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Angry 'Call of Duty' dad attacks teen who 'shot' him

"A 46-year-old father of three has admitted to court officials that he attacked a teen boy who killed off his "Call of Duty: Black Ops" character. Mark Bradford, of Plymouth, England, became unhinged after his character was murdered, but also because he said the 13-year-old who took the shot called him a name. The two were playing the game over the Internet, and using microphones to talk. Bradford knew where the boy lived, stormed over to his house and grabbed the boy's throat with both hands, according to the youngster's mother, who came to his rescue, says a report in The Mirror.

Bizarre pornography raid underscores Wi-Fi privacy risks

"Lying on his family room floor with assault weapons trained on him, shouts of "pedophile!" and "pornographer!" stinging like his fresh cuts and bruises, the Buffalo homeowner didn't need long to figure out the reason for the early morning wake-up call from a swarm of federal agents. That new wireless router. He'd gotten fed up trying to set a password. Someone must have used his Internet connection, he thought."

Your Facebook profile could be one of 250,000 on 'dating' site

"To make a point that putting trust in Facebook comes at a price, a media artist and media critic created a "dating" website where they placed 250,000 Facebook profiles — without asking for any permission."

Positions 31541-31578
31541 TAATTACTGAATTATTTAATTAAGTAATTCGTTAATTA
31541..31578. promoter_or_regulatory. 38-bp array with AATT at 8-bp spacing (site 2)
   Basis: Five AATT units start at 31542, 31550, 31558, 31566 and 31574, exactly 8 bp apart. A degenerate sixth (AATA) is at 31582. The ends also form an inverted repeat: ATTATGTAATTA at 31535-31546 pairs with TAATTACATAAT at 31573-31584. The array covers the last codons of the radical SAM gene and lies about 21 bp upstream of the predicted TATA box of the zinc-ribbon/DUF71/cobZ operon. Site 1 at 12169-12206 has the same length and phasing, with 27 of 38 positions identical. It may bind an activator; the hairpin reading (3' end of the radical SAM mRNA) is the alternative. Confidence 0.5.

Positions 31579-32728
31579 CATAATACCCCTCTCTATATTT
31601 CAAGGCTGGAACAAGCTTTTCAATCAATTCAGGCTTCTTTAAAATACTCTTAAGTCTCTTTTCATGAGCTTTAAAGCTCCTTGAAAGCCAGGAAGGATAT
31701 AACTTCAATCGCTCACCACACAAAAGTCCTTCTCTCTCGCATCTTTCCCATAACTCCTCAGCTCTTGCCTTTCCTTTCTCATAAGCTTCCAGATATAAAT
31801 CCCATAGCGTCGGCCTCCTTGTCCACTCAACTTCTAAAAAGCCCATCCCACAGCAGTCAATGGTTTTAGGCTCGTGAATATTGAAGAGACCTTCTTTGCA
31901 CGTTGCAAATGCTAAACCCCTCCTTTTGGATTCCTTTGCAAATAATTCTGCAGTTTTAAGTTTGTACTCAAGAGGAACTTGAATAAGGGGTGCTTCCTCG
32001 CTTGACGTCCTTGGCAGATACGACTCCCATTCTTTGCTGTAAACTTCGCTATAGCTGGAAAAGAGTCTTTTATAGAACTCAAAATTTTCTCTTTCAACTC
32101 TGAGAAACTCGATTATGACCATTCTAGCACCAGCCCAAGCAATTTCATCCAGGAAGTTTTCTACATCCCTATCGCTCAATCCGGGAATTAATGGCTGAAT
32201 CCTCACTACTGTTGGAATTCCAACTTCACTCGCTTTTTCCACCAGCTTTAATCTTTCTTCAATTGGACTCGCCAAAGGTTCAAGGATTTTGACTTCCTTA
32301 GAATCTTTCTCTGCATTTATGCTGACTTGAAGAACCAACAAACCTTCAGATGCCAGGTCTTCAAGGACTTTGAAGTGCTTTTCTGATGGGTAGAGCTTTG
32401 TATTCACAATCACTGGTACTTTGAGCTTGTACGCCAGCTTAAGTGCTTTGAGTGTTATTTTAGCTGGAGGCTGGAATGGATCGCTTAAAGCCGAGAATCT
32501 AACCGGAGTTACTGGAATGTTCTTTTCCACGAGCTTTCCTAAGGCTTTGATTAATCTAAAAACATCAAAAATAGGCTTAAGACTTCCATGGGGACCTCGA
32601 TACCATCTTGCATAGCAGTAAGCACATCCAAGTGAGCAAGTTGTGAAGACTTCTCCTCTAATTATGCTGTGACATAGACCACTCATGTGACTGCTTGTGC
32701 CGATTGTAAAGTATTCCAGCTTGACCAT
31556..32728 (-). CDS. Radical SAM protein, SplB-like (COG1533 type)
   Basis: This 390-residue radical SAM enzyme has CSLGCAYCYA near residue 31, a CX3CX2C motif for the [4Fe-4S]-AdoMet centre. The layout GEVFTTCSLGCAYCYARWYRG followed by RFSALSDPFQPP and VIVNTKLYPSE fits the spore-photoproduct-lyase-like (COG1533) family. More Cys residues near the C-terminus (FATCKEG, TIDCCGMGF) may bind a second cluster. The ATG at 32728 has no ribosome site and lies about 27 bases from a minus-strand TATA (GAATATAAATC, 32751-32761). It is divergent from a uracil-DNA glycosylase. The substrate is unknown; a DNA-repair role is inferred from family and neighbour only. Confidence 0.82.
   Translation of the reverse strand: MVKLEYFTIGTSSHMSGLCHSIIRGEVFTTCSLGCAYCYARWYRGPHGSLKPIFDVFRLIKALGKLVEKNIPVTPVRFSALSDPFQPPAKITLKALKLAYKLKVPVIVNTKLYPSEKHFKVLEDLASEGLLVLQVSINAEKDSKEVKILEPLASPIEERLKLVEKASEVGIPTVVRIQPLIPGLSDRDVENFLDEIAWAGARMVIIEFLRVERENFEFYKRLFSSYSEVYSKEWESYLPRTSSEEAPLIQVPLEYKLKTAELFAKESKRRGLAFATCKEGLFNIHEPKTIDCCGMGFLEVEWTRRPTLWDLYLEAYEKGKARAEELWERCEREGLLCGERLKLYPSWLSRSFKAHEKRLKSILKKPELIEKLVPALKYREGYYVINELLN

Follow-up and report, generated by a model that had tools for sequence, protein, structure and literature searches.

Facebook Buying Skype? Ridiculous!

"His theory is somewhat sound. Both companies are giants in Web-based connectivity, with more than 500 million registered users apiece. Skype is taking a page out of the Netflix playbook, getting its interface into as many devices and websites as possible -- and that presumably includes warming up to Facebook to provide video chat and voice calls between confirmed friends. However, just because two companies seem to go together like peanut butter and jelly doesn't make it a sandwich.

New acoustic fibers can 'sing' and hear sounds

"Researchers have created new plastic fibers that can detect and produce sound. When stretched, these strands could be used to make clothes that act as a microphone or generate electricity.

"You can actually hear them, these fibers," said Noémie Chocat, a graduate student in the materials science department at MIT and co-author of a paper describing the fibers.

Robonaut ready for duty

When Discovery's six astronauts take the final space shuttle ride to orbit in September, there'll be one more rider sitting in the back of the bus: Robonaut 2, the semi-humanoid robot created by NASA and GM.

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